New to pfSense!



  • Hey everyone!

    I've been running pfSense for about 2 weeks in my home, moving from an ancient Asus RT N66R WiFi router running Tomato. It was getting a bit long in the tooth, and I wanted to try something different with my next generation system. So after a boatload of hardware research to support pfSense I ended up on a machine based on the Supermicro Atom C2758 board with 16GB of memory and a mechanical harddrive. I know it's overkill, but hey, that's kind of the fun part right!

    I'd say we're a modern technology household… lot's of computers, laptops, phones, tablets, kindles, IoT devices, consoles, NAS/Plex, network printers, etc., and so I wanted to have a system that let me manage my network(s) more securely than I had things previously. I'm running a good mix of wired and wireless devices all running through a Cisco SG300 series switch and a Ubiquity UniFi access point.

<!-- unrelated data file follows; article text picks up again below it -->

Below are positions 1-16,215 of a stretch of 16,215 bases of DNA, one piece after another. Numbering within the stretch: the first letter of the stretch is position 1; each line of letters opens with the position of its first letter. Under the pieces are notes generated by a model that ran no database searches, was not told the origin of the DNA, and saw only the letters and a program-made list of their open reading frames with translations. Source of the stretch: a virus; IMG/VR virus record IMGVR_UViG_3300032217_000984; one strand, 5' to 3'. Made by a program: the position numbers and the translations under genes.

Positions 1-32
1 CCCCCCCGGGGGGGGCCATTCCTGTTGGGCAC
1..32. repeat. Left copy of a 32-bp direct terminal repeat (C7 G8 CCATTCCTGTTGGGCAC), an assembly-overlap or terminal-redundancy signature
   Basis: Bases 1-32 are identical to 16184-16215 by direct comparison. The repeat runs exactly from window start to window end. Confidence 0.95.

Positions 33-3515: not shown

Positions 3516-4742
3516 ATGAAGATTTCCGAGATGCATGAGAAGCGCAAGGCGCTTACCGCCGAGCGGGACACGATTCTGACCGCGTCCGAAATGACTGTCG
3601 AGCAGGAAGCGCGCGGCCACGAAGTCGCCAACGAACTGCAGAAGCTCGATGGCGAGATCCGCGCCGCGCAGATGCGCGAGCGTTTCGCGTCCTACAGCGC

So far I've been running everything with a single WAN and a single LAN with DHCP, DNS Resolver, and NTP configured; I wanted to get up and running so I could have a better system in place that I could work with over time, and sweet lord I couldn't be happier. Within a few minutes of getting pfSense and my new hardware in place, I saw a nearly 5mb/s increase in my download speeds and a minor increase in uploads!

    So now I'm working on setting up some VLANs and I'm finding that I have a few questions, or maybe better said, some guideance and perspective on what I want to do.

    The network I'm thinking of is pretty simple and looks like this:

    LAN    10.10.1.1/24    (A typical, simple local area network for personal stuff)
    WLAN    10.10.2.1/28    (Wireless LAN via UniFi Access point, Tagged at the UniFi)
    GWLAN  10.10.3.1/28    (Guest Wireless via UniFi Access point, Tagged at the UniFi)
    ENT    10.10.4.1/28    (Wired/Wireless Entertainment network for playstation, xbox, etc., Tagged at the Cisco/UniFi)
    MAN    10.10.5.1/28    (Management network for IPMI, no internet access)